Race to 2016 is on as flag arrives in Rio

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Race to 2016 is on as flag arrives in Rio


Rio de Janeiro’s Mayor Eduardo Paes, left, the Brazilian Olympic Committee’s Carlos Arthur Nuzman and Brazilian Olympic athletes in yellow uniforms hold up the Olympic flag in Rio de Janeiro on Monday. [REUTERS/YONHAP]

RIO DE JANEIRO - The Olympic flag has touched down in Rio de Janeiro, the city that will host the 2016 Summer Games.

Rio Mayor Eduardo Paes waved the five-ringed flag as he descended Monday from his flight from London, where he was on hand for the Olympic closing ceremony a day earlier.

The flag’s arrival marks the official start of Rio’s Olympic preparations, with the city to undertake nearly 200 projects to construct sports venues and other infrastructure during the next four years.

Not all are elated; a small group of demonstrators gathered outside the airport where the mayor landed to protest against evictions connected with Olympic projects.

Rio will be the first South American city to host the Olympics.

When Rio was awarded the Games three years ago, it was hailed as a rite of passage for Brazil, Latin America’s biggest country and an economy that is now the world’s sixth largest.

Along with the FIFA World Cup, to be held in Rio and 11 other Brazilian cities in 2014, the Olympics would show that Brazil was finally reaching long-elusive, first-world goals.

But the exuberant celebrations which greeted the decision to award Rio the Games are giving way to trepidation in this seaside metropolis of 6.5 million people.

Construction delays, cost overruns and overburdened airports, roads and subway lines give locals a sense that Rio, the first South American city to be awarded the Olympics, has a long way to go if is to stage the event as seamlessly as London.

Part of the unease has to do with the sense that Rio, despite its long history as a global attraction, is still playing catchup with the developed world.

Even after a recent economic boom in Brazil, soaring investment because of the sporting events and an ongoing rush to develop massive new offshore oil fields due south of the city’s beaches, Rio remains pock-marked by poor development.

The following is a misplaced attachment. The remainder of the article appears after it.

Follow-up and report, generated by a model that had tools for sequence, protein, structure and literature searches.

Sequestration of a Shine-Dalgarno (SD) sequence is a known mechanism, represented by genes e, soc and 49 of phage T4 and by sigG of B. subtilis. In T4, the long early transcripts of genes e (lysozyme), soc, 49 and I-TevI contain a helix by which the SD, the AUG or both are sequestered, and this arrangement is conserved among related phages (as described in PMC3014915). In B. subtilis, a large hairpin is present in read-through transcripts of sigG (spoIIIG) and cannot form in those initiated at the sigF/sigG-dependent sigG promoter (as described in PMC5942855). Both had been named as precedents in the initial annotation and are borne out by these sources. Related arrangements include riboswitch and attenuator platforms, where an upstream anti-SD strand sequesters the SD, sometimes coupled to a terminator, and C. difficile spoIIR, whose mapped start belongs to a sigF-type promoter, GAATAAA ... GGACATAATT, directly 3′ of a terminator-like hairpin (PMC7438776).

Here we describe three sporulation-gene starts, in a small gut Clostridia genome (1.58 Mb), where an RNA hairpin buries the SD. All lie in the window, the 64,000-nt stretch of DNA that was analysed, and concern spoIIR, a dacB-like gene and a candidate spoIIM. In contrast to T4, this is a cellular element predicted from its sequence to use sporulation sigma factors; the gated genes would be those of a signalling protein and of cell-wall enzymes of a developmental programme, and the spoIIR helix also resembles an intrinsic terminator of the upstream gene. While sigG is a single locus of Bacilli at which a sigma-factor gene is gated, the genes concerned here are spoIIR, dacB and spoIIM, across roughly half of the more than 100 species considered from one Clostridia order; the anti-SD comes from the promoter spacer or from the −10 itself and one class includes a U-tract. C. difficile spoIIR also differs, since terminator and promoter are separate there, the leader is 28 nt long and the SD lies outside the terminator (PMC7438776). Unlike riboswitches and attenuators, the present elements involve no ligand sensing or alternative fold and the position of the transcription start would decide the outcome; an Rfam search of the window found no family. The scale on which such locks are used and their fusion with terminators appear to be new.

“Brazil and Rio have four years to do all those things that have not been done in 400 [years],” said Alberto Murray Neto, a Sao Paulo lawyer and past member of Brazil’s Olympic committee.

The task is huge. Brazil’s tourism ministry expects almost 400,000 foreign tourists for the Games, in addition to hundreds of thousands of Brazilians who themselves will add to the crush on airports, hotels, roads and other infrastructure.

Meanwhile, costs for Olympic projects are soaring, as the investment boom and Brazil’s high taxes and labor costs, known locally as the “Brazil Cost,” inflate the price of everything from construction cranes to beachside coconuts. The cost of the Games, critics fear, could far exceed initial estimates of 29 billion reals ($14.4 billion).

Rio Mayor Paes, who landed from London with the official Olympic flag, said in a recent briefing that an updated budget isn’t possible yet.

Luis Fernandes, executive secretary of the Brazilian sports ministry, also sidestepped the issue, telling reporters in London on Monday: “We can only disclose the cost of the Olympics when everything is ready.

“In this budget, there are certain aspects we have to take note of when it comes to sporting venues that will be prepared and constructed,” he said through a translator. “Our horizon is to base ourselves in the main, original program we proposed.”

So far, very little is ready. During their last visit in June, members of the International Olympic Committee said “the timelines for delivery are already very tight and the amount of work to be completed is considerable.”

Most troubling, said the IOC, is that Rio has yet to begin building the Olympic Park and complex of buildings that will host most of the competitions as well as media facilities.

Paes and other city officials remain upbeat. Leonardo Gryner, chief of the Rio organizing committee, in London last week said all sports facilities would be ready by 2015 with ample leeway for testing.

Rio is no newcomer to big events.

The city’s famed carnival celebrations attract more than 800,000 revelers each year. Big concerts and New Year’s festivities on Copacabana Beach have attracted over one million.

Rio hosted the 2007 Pan American Games, though critics recall that event was also marred by cost overruns and a lack of lasting improvements.

On Monday, O Globo, Rio’s biggest daily newspaper, featured a photograph of a dirty and tattered flag over a Pan American memorial, calling it “a portrait of abandon.”

Maracana, Rio’s main soccer stadium, was rebuilt for the occasion, only to be razed again to be reconstructed for the 2014 World Cup. Rio officials tout ongoing efforts to spruce up the city after decades of disrepair.

Until Brazil’s recent boom helped begin reviving its fortunes, Rio suffered from a lack of investment, soaring crime rates, and the encroachment of favelas, the city’s well-known shantytowns, into its verdant hillsides.

Social problems also complicate planning. New roads and rail lines being built to reach Olympic venues, in the city’s far-flung southern suburbs, will run right through some of Rio’s poorest neighborhoods.

Residents of Vila Autodromo, a favela of 500 families, are among tens of thousands who could be evicted by construction of Olympic projects.

Reuters, AP
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